Yasmin Alibhai-Brown: We must learn more about these murderous men
Long is the line of experts on what drives people to terrorism, yet we are none the wiser
Monday, 7 April 2008
I am haunted by the faces of the eight British Muslim men currently on trial at Woolwich Crown Court, accused of plotting to blow up several transatlantic airliners. Prosecutors allege they contemplated the possibility of taking their own wives and children on their once-in-a-lifetime suicide trips. Recorded videos, played to the court, are chillingly solipsistic, callous and self-righteous.
These men will be acquitted or convicted on evidence, the great strength of our system. However, whatever the verdicts, the case just adds to national unease. Most Britons, including most Muslims, reading the allegations will have felt terror. They have seen Islamicist plotters on our pages too often. A number have been convicted, the growing enemy within. Easy it is to hate them. What is more urgent is to find out why young Muslim men turn themselves into weapons of self-destruction.
Long is the line of "experts" on terrorism, and yet we are none the wiser. Individuals and interest groups, government and security chiefs, the police and Muslim "leaders", policy wonks and journalists, novelists and dramatists deliver partial and/or biased explanations with absolute certainty. Bombers are incited to extremism by the frocks of female clubbers, horrible Imams, Palestine, Iraq and Afghanistan, George Bush, multiculturalism, immigration. The US and its allies say that the jihadis are not created by the war in Iraq nor the Palestinian question, while militant Muslims blame the West for their failed states and their depressed communities or distort religious doctrine to defend the indefensible.
Truth is we don't know. I don't know after decades of writing about Muslims in Britain. I am bewildered and intensely worried. Some Muslim men in recent months have written confessionals about how they very nearly went all the way to become suicide bombers and then drew back. These insiders – Ed Husain being the most prominent – have given us important new insights, but again they cannot give us the whole truth.
A new Pakistani film, called Khuda Ke Liye, (For God's Sake) ventures further. It tenderly explores the fortunes of two musically gifted brothers from a perfectly pious yet modern Pakistani family. One brother suddenly severs himself from his music and family and links up with al-Qa'ida; the other goes to music school in Chicago and is arrested and tortured to madness by the US authorities. The parents have their lives and hearts broken by forces they cannot understand. Nobody understands – that is what makes the world so edgy and panicked.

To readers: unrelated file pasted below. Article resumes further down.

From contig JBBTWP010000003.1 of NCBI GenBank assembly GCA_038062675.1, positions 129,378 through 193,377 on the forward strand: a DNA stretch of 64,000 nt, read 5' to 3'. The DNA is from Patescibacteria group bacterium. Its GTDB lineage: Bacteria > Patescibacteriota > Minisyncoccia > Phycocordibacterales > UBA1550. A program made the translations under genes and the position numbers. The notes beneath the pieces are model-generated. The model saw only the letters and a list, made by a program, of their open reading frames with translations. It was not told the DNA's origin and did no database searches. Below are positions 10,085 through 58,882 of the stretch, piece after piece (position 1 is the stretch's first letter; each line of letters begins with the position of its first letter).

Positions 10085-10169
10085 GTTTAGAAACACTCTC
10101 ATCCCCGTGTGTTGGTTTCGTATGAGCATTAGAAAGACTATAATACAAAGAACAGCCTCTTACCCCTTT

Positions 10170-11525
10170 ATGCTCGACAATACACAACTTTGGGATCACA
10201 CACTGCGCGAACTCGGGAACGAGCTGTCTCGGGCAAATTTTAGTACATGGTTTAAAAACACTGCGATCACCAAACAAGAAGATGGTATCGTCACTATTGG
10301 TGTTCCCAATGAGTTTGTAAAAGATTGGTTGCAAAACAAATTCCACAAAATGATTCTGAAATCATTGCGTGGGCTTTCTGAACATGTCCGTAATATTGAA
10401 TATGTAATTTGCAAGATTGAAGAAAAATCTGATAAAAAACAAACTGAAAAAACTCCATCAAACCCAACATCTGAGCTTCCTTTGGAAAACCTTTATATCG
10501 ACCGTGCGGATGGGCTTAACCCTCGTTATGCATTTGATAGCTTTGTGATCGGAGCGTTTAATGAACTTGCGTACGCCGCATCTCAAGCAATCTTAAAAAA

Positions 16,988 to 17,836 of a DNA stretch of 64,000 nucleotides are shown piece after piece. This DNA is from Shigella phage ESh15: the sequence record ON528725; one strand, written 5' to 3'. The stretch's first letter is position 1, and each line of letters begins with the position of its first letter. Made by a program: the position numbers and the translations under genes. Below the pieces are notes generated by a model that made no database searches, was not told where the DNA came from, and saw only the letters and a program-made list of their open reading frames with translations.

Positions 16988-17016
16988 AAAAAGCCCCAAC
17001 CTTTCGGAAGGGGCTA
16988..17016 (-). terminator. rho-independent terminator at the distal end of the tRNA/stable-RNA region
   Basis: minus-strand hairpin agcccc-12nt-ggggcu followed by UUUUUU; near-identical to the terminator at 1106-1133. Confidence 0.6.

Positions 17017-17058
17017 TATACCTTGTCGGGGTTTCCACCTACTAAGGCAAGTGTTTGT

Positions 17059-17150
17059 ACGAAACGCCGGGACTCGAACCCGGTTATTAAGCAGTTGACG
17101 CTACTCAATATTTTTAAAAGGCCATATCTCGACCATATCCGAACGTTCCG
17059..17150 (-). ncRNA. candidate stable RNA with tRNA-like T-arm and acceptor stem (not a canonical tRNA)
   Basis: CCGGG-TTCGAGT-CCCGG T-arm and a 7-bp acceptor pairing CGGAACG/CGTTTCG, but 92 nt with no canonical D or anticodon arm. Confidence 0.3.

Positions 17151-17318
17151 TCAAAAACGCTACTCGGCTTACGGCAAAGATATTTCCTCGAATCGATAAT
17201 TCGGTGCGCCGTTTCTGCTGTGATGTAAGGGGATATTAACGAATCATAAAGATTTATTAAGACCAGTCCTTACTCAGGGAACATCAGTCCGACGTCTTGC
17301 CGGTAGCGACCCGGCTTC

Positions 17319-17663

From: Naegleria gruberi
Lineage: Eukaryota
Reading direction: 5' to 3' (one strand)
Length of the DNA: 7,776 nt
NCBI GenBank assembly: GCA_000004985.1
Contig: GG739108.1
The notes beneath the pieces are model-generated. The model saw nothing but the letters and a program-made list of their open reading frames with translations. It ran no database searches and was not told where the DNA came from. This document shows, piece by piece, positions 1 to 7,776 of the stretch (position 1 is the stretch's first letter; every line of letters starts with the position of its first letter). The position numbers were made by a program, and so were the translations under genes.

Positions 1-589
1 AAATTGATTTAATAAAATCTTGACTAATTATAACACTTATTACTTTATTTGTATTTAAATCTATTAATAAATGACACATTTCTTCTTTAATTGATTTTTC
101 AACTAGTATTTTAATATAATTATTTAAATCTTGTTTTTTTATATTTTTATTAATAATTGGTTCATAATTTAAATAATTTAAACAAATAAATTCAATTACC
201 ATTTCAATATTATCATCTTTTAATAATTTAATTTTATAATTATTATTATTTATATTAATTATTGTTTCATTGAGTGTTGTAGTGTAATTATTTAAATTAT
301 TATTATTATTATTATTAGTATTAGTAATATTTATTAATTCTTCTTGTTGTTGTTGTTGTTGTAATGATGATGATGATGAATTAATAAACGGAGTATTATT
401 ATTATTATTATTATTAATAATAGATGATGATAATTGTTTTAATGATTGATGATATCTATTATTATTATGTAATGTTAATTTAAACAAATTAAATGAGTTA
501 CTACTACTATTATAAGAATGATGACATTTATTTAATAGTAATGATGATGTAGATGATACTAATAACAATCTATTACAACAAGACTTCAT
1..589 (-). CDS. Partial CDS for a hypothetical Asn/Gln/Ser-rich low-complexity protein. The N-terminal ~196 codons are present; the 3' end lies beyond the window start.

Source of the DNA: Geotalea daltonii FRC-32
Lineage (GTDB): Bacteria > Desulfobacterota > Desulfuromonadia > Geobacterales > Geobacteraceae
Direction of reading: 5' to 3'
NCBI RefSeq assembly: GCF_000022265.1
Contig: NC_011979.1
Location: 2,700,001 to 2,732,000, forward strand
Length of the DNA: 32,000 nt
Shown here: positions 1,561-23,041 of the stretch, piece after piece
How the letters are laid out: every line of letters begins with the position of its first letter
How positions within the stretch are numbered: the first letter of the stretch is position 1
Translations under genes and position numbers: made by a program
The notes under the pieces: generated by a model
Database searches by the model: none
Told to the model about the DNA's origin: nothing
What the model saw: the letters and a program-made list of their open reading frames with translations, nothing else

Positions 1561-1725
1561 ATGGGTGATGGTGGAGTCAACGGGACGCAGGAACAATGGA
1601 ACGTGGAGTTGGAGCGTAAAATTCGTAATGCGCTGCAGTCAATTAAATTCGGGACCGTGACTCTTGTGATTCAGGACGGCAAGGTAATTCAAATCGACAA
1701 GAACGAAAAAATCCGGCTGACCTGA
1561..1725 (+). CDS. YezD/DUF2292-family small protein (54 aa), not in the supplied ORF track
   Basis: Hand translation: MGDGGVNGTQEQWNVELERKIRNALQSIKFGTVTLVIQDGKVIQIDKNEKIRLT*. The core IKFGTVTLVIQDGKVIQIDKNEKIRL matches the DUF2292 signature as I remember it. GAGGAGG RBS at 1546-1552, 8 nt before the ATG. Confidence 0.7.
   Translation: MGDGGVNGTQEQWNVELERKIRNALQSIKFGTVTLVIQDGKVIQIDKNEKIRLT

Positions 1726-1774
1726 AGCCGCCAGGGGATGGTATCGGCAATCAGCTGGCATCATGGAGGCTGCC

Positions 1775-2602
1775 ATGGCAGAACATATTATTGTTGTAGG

I am not here making a bleeding-heart case for violent anarchists. Those who commit such serious crimes must be punished. But we must build up a body of knowledge about what is driving this phenomenon. Some issues are no longer even considered in this narrative of the man-made bad. Racism, for example, is now excluded from any analysis. Some of the brightest young men in the networks are the angriest, partly a result of Paki-bashing when they were growing up. Patrick French, biographer of V S Naipaul, suggests racism may partly have turned the writer vicious, arrogant and monstrously cruel to his wife and his mistress, both white. The psychological hurt of racism is immense and deep. Did some of the convicted terrorists give up on this country because of the rejection they faced daily?
Then there are their often dysfunctional relationships with their families. We have yet to get good research on the innermost mental and emotional demons that stalk and torment these men. Nor do we have any deep understanding of the theological arguments that persuade dissatisfied Muslim men to opt for ultimate acts of violence. And most shocking of all, when somebody tries to delve deep into these inner landscapes, the state steps in to stop them.
Shiv Malik, the journalist who has written on Muslims who knew the 7/7 bombers, is in the courts fighting for the right to do this vital work. He fights for all of us who do not want to see another blast tearing up our country. He is co-writing a book with Hassan Butt, a radical Islamicist who has recanted partly because he saw how utopians in Pakistan turned into murderous savages. The Counter Terrorism Unit of Manchester police took away Malik's material. He tells me he is "too frightened to write any more. The sources are wary and clamming up. I have a duty to demystify and humanise my enemy, to save lives and our freedoms. This country is a crucible. We can de-radicalise militants through ideas and knowledge."
Macho postures of supremacy and state power stop these roads to redemption. And make us even more unsafe than we believe in these trembling times.
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